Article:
Poetry Grrrl

'Listen' has the exact same letters as 'Silent'. Coincidence?

You Smiled by Walter Savage Landor




YOU SMILED by Walter Savage Landor

You smiled, you spoke and I believed,
By every word and smile- deceived.

Another man would hope no more;
Nor hope I- what I hoped before.

But let not this last wish be vain;
Deceive, deceive me once again!

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The Old Astronomer to his Pupil by Sarah Williams

Reach me down my Tycho Brahe, I would know him when we meet,
When I share my later science, sitting humbly at his feet;
He may know the law of all things, yet be ignorant of how
We are working to completion, working on from then to now.

Pray remember that I leave you all my theory complete,
Lacking only certain data for your adding, as is meet,
And remember men will scorn it, 'tis original and true,
And the obloquy of newness may fall bitterly on you.

But, my pupil, as my pupil you have learned the worth of scorn,
You have laughed with me at pity, we have joyed to be forlorn,
What for us are all distractions of men's fellowship and wiles;
What for us the Goddess Pleasure with her meretricious smiles.

You may tell that German College that their honor comes too late,
But they must not waste repentance on the grizzly savant's fate.
Though my soul may set in darkness, it will rise in perfect light;
I have loved the stars too fondly to be fearful of the night.

What, my boy, you are not weeping? You should save your eyes for sight;
You will need them, mine observer, yet for many another night.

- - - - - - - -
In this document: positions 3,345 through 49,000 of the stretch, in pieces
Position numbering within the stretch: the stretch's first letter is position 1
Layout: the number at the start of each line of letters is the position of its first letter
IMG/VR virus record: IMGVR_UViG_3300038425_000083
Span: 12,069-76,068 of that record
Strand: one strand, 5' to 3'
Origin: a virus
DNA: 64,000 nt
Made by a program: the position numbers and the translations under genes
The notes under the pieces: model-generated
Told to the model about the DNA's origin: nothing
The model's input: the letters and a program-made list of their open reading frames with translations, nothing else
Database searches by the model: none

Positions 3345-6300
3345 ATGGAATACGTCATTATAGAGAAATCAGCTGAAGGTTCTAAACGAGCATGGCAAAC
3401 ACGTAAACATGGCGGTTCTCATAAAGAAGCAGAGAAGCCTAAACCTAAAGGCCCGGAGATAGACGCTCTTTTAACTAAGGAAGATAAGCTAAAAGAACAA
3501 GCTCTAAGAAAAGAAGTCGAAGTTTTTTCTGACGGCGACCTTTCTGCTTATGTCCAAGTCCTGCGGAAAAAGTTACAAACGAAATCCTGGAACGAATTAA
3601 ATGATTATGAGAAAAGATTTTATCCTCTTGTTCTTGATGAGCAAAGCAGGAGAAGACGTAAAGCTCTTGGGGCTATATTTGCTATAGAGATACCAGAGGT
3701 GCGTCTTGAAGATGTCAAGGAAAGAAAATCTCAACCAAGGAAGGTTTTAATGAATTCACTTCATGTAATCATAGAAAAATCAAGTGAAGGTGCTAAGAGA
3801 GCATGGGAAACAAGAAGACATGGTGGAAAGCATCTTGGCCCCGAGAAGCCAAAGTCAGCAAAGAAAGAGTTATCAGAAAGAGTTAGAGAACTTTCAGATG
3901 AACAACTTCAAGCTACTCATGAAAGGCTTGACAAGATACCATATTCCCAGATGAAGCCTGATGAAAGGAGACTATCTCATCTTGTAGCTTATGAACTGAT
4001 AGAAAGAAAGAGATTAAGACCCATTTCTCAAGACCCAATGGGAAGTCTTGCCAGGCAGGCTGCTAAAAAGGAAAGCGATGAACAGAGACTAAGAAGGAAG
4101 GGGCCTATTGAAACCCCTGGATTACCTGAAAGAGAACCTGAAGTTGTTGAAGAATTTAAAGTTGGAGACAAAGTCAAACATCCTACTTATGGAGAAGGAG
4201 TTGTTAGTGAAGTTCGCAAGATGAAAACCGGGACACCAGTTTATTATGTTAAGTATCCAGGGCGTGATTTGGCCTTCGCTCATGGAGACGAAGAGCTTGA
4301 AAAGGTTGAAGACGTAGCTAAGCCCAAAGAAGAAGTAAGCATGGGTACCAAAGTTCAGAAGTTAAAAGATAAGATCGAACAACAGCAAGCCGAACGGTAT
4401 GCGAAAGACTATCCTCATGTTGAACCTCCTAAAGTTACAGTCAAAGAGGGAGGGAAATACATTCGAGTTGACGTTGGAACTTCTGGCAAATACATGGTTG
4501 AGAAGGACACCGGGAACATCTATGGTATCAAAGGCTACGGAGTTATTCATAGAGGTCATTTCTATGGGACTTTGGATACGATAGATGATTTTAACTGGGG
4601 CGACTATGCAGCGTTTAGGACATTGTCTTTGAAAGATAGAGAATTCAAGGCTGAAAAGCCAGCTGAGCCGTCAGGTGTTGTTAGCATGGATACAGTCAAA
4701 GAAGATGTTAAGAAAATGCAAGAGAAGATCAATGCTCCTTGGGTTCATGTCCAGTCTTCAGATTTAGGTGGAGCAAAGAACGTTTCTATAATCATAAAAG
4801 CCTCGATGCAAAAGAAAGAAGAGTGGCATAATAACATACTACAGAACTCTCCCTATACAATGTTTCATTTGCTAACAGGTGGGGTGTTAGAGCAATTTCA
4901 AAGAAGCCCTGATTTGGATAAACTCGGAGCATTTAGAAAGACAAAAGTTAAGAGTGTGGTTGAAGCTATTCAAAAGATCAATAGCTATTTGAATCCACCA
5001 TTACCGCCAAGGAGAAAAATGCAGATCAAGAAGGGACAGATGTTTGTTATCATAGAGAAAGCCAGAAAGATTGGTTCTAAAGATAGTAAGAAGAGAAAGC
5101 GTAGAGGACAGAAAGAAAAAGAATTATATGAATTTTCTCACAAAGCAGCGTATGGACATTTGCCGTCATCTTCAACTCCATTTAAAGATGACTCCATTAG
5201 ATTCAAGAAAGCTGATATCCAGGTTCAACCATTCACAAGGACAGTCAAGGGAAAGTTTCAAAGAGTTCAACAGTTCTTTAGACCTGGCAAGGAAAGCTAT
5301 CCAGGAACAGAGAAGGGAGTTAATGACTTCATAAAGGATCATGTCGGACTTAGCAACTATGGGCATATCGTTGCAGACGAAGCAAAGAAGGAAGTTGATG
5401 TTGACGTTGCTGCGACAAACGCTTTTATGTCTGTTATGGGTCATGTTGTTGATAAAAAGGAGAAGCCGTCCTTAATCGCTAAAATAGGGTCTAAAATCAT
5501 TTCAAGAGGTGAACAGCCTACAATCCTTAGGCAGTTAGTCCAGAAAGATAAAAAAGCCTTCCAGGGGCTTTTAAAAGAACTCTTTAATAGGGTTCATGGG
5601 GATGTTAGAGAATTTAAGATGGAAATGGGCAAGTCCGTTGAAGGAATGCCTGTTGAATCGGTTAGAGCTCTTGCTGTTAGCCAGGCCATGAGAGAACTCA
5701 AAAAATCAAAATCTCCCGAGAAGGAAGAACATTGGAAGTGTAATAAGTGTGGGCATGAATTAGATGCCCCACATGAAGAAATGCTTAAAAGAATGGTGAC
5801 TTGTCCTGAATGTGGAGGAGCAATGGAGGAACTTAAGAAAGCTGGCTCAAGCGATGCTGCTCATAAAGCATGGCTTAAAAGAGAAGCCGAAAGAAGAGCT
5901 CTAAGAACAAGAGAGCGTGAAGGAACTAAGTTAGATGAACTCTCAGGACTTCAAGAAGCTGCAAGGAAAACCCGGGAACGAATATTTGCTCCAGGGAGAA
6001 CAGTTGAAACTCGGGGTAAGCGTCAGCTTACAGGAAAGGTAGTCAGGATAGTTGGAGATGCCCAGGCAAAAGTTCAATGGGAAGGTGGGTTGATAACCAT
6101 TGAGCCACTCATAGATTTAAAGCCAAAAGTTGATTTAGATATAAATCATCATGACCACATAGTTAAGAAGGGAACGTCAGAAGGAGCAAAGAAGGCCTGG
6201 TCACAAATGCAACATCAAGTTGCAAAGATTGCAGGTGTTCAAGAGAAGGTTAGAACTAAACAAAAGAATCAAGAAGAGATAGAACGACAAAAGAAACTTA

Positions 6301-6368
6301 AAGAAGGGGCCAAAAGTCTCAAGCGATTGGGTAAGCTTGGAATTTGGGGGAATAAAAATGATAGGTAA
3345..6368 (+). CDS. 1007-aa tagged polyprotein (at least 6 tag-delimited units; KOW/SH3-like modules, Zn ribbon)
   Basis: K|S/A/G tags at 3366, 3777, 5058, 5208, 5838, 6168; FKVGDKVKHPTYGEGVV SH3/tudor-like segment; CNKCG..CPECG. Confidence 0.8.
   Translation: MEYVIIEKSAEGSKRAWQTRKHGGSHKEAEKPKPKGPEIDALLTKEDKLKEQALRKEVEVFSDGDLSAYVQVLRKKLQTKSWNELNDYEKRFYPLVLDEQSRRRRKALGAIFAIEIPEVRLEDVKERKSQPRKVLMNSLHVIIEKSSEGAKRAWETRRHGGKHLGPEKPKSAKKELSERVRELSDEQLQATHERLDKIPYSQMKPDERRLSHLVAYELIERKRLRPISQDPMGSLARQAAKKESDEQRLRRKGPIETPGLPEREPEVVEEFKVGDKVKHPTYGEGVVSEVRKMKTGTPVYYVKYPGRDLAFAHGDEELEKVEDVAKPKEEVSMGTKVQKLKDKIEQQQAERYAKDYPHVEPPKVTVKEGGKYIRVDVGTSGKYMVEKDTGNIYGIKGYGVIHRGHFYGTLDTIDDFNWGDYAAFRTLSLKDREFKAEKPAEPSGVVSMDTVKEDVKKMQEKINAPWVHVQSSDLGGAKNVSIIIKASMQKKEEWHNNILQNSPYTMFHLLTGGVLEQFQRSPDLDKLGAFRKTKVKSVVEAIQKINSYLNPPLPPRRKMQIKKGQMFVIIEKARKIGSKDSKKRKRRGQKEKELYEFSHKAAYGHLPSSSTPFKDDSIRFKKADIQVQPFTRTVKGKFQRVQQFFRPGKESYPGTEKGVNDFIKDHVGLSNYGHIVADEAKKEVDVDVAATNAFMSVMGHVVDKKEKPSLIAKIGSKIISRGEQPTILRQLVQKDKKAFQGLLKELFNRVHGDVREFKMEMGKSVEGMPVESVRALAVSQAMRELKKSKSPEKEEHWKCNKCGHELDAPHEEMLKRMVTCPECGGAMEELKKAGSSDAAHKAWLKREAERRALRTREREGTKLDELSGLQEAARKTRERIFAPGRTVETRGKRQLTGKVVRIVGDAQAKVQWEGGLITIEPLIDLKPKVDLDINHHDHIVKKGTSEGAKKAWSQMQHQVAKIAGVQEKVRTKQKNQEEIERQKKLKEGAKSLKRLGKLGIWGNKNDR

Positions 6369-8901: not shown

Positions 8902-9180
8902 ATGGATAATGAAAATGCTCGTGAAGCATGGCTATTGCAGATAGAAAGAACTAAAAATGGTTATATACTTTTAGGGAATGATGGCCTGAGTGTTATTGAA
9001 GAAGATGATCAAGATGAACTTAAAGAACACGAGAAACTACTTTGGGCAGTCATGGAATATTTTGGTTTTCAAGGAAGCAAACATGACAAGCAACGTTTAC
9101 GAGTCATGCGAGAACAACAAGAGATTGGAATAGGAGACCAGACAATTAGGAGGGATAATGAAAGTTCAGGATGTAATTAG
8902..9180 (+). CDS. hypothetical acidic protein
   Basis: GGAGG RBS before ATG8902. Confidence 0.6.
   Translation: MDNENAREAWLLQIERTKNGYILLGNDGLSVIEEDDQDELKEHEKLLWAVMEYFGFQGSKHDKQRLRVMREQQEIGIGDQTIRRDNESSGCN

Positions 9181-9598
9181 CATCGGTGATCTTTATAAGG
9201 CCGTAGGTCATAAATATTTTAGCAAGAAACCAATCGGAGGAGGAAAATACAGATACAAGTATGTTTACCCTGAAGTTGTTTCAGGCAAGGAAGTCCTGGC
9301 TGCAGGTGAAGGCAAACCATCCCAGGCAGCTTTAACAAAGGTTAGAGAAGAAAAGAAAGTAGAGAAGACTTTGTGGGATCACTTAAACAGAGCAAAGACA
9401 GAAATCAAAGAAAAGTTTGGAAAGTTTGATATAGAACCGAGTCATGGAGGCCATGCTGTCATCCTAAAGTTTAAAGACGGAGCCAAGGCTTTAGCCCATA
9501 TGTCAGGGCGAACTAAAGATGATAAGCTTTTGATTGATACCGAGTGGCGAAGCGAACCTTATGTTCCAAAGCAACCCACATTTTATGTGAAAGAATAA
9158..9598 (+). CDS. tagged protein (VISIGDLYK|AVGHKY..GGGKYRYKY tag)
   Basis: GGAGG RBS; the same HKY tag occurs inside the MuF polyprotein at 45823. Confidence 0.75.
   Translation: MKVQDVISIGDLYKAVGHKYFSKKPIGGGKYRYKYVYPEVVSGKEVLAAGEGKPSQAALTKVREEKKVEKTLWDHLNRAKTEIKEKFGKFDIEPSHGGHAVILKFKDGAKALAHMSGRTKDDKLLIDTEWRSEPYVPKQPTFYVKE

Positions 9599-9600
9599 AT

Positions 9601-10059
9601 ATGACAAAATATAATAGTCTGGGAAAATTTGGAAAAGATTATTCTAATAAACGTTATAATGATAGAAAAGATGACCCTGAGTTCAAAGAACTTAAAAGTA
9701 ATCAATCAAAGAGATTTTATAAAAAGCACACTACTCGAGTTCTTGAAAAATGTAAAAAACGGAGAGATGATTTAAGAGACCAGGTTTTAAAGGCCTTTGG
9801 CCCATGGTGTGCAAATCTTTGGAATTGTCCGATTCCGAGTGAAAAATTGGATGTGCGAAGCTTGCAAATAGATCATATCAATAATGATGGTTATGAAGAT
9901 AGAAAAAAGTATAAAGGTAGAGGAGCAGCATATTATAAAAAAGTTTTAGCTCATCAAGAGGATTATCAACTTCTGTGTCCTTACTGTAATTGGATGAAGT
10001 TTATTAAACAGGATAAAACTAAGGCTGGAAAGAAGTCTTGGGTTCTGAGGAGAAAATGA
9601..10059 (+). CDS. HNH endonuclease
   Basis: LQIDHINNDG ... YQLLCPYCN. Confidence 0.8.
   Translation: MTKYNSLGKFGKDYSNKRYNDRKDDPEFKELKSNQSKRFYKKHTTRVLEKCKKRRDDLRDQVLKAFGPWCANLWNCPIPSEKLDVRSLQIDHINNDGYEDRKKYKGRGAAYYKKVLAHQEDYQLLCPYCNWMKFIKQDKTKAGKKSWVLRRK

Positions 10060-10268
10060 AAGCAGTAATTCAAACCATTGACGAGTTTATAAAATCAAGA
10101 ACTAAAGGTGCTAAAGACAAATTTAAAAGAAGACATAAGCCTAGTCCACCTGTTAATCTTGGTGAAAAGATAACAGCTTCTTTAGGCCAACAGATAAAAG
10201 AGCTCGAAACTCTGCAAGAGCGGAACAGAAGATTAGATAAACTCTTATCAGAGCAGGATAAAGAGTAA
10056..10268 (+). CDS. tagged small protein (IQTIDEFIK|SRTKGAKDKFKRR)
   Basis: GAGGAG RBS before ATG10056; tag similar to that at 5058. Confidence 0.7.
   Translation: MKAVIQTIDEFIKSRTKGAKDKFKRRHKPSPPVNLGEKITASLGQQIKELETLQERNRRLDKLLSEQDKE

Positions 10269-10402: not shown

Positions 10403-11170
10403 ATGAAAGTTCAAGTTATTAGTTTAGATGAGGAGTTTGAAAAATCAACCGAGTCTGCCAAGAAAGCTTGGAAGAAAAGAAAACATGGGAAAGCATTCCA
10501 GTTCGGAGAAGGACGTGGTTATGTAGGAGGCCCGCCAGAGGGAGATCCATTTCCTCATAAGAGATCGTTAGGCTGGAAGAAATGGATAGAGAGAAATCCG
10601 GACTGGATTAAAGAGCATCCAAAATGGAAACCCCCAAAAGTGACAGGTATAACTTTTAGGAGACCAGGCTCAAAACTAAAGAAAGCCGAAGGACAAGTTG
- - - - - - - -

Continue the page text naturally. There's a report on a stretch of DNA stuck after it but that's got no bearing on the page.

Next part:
I leave none but you, my pupil, unto whom my plans are known.
You "have none but me," you murmur, and I "leave you quite alone"?

Well then, kiss me, -- since my mother left her blessing on my brow,
There has been a something wanting in my nature until now;
I can dimly comprehend it, -- that I might have been more kind,
Might have cherished you more wisely, as the one I leave behind.

I "have never failed in kindness"? No, we lived too high for strife,
Calmest coldness was the error which has crept into our life;
But your spirit is untainted, I can dedicate you still
To the service of our science: you will further it? you will!

There are certain calculations I should like to make with you,
To be sure that your deductions will be logical and true;
And remember, "Patience, Patience," is the watchword of a sage,
Not to-day nor yet to-morrow can complete a perfect age.

I have sown, like Tycho Brahe, that a greater man may reap;
But if none should do my reaping, 'twill disturb me in my sleep
So be careful and be faithful, though, like me, you leave no name;
See, my boy, that nothing turn you to the mere pursuit of fame.

I must say Good-bye, my pupil, for I cannot longer speak;
Draw the curtain back for Venus, ere my vision grows too weak:
It is strange the pearly planet should look red as fiery Mars,
God will mercifully guide me on my way amongst the stars.

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Emily Dickinson – Part One: Life IX

Emily Dickinson (1830–86). Complete Poems. 1924.

Part One: Life

IX

THE HEART asks pleasure first,
And then, excuse from pain;
And then, those little anodynes
That deaden suffering;

And then, to go to sleep;
And then, if it should be
The will of its Inquisitor,
The liberty to die.

179998 10150097845859440 167810599439 6215290 4634600 n 400x300 Emily Dickinson   Part One: Life  IX

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